So, for example, if you are focusing on a scene in a contemporary film which makes dramatic use of montage editing and quick-fire juxtaposition of imagery (the fight scenes in Gladiator, the beach landings in Saving Private Ryan, the bird attacks in The Birds…) no discussion of this scene would be complete without you first demonstrating your knowledge of the wider context for your analysis – i.e., the ‘invisible editing’ approach as championed by W.D. Griffith, and the alternate ‘Eisensteinian’ collisions adopted by Russian filmmakers (and now absorbed into the grammar of mainstream movies). In order to further demonstrate your appreciation for the ‘time-line’ of editing and its conventions, you should make reference to key sequences in key films – ‘The Odessa Steps sequence’ from Sergei Eistenstein’s Battleship Potemkin (as in scene in the Cutting Edge documentary, but also viewable here in full

    http://www.youtube.com/watch?v=Ps-v-kZzfec

    Also – if further proof were needed of the influence of this scene, watch

    http://www.youtube.com/watch?v=yH1tO2D3LCI&feature=related

    The Cutting Edge documentary, as shown on Monday 15th Feb, is viewable on YouTube at http://www.youtube.com/watch?v=xJcQgQHR78Q

    If you choose to quote from any of the ‘talking head’ sections (Ridley Scott, Walter Murch etc.), in support of your discussion, ensure you put the documentary’s original details in your bibliography (as opposed to the You Tube url). For official title and release date etc. visit

    http://www.amazon.co.uk/Cutting-Edge-Magic-Editing-Region/dp/B0009PVZEG/ref=sr_1_1?ie=UTF8&s=dvd&qid=1266311784&sr=1-1

    Put simply, whatever film you choose to discuss, you will need to link it to its ‘ancestors’ and also, where appropriate, to its ‘children’ – i.e., what influenced it/what it influenced.

    Regarding the ‘language of editing etc.’ the following site is useful – if ugly!

    http://www.aber.ac.uk/media/Documents/short/gramtv.html

    I suggest you use it only as a starting point for focusing your research parameters – not as the fount of all knowledge (it isn’t!).

    Something that keeps coming up is how to cite websites using the Harvard Method:

    GO HERE!!!!! IT’S GOT ALL THE ANSWERS!

    http://www.ucreative.ac.uk/index.cfm?articleid=25881

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  3. Stylistically, many students’ essays still lack the required formality and tone for a University level written assignment. Many of you write as if you’re ‘chatting’ to your reader or writing a blog entry. This is inappropriate and you need to cultivate a more appropriate style if your discussions are to be authoritative and properly presented. Below are some suggestions re. use of language; take note and use!

    Use good, formal English and grammar,
    
see: http://www.ucl.ac.uk/internet-grammar/home.htm

    Use objective language: e.g. rather than 'I find it difficult to identify ...'

    'It is often difficult to identify...'
    'It can be seen that...
    'There are a number of...'

    Adopt a cautious academic style; avoid conclusive statements: e.g. use may, might, it seems that, appears to, possibly, probably, seemingly, the evidence suggests that, it could be argued that, research indicates...

    Avoid assumptions and generalisations: e.g. everyone can see, everybody knows, public opinion is...

    If you make a statement, always present evidence to support it.

    Within your essay you will be hoping to demonstrate or prove something. You will have a point of view that you wish to convey to your reader. In other words, your essay should 'say' something.

    You should support what you wish to say with a reasoned argument and evidence.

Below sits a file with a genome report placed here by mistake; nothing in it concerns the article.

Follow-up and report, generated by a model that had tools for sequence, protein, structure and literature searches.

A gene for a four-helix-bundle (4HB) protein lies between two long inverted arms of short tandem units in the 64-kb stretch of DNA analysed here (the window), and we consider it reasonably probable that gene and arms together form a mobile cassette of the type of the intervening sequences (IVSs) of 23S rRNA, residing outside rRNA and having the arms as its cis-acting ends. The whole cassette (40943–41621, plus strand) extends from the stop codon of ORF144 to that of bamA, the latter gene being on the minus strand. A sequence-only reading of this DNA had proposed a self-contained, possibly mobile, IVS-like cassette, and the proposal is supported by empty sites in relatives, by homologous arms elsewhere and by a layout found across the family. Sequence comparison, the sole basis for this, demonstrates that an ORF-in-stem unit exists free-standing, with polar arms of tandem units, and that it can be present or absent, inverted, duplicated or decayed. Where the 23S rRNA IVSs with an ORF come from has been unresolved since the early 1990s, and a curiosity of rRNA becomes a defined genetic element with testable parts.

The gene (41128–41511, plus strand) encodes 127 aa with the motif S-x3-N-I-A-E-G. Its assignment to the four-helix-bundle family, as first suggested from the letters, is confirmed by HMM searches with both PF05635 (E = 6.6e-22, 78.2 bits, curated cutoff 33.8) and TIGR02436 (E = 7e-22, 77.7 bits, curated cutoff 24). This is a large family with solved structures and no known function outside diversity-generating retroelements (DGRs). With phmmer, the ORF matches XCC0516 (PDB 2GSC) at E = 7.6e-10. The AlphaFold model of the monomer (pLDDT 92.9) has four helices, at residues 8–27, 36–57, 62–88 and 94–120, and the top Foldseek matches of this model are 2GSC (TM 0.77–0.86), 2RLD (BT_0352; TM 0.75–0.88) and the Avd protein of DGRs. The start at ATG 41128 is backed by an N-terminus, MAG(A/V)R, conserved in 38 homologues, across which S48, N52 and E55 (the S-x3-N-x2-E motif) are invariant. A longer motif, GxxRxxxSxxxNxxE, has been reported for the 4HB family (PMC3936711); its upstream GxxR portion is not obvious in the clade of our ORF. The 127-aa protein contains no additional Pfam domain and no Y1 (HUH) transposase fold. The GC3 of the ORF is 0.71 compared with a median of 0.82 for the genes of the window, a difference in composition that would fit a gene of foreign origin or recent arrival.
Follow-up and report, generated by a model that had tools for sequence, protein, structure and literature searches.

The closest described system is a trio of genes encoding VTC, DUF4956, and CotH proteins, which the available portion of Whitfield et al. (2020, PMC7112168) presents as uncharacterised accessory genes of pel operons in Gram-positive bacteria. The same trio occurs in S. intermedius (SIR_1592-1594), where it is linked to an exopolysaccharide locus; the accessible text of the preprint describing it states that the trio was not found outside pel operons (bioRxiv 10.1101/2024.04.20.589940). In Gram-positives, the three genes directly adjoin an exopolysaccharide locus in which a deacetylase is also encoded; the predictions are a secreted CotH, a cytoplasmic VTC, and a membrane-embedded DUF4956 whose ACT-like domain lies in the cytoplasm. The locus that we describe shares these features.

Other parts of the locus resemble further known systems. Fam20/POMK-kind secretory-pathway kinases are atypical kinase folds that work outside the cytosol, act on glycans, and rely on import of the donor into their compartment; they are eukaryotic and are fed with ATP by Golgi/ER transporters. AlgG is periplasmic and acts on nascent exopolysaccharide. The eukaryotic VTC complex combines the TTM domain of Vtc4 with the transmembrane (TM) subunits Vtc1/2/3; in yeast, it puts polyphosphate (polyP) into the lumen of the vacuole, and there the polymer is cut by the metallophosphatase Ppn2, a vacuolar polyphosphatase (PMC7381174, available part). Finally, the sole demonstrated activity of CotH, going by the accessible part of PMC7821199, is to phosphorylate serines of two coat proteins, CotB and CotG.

A reasoned argument consists of a series of logical steps you make in order to lead to a point where you can form some sort of judgement on the issue you have been examining, or come to some sort of conclusion.

    Paragraphs are organised in order to build your argument in a series of logical steps

    A typical paragraph is concerned with a single step in your argument

    The first sentence of a paragraph is the topic sentence. It clearly states which step in your argument you intend to deal with in this paragraph

    Subsequent sentences explain, define and expand upon the topic sentence

    Evidence is offered

    Evidence is commented on

    A conclusion may be reached

    Try to make each paragraph arise out of the previous paragraph and lead into the subsequent one

    Below are some useful ‘linking’ words and phrases that suit the formal tone of an academic assignment – get used to using them to structure clear, articulate and confident sounding sentences.

    To indicate timescales:
    when, while, after, before, then

    To draw conclusions:
    because, if, although, so that, therefore

    To offer an alternative view:
    however, alternatively, although, nevertheless, while
    To support a point:
    or, similarly, incidentally

    To add more to a point:
    also, moreover, furthermore, again, further, what is more, in addition, then
    besides, as well
    either, not only, but also, similarly, correspondingly, in the same way, indeed
    with respect to, regarding

    To put an idea in a different way:
    in other words, rather, or, in that case
    in view of this, with this in mind
    to look at this another way

    To introduce and use examples:
    for instance, for example, namely, an example of this is
    such as, as follows, including
    especially, particularly, notably

    To introduce an alternative viewpoint:
    by contrast, another way of viewing this is, alternatively, again,
rather, another possibility is..
    conversely, in comparison, on the contrary, although, though

    To return to emphasise an earlier point:
    however, nonetheless, despite, in spite of
    while.. may be true
    although, though, at the same time, although.. may have a good point

    To show the results of the argument:
    therefore, accordingly, as a result
    so, it can be seen that
    resulting from this, consequently, now
    because of this, hence, for this reason, owing to, this suggests
 that, it follows that
    in other words, in that case, that implies

    To sum up or conclude:
    therefore, in conclusion, to conclude, on the whole
    to summarise, to sum up, in brief, overall, thus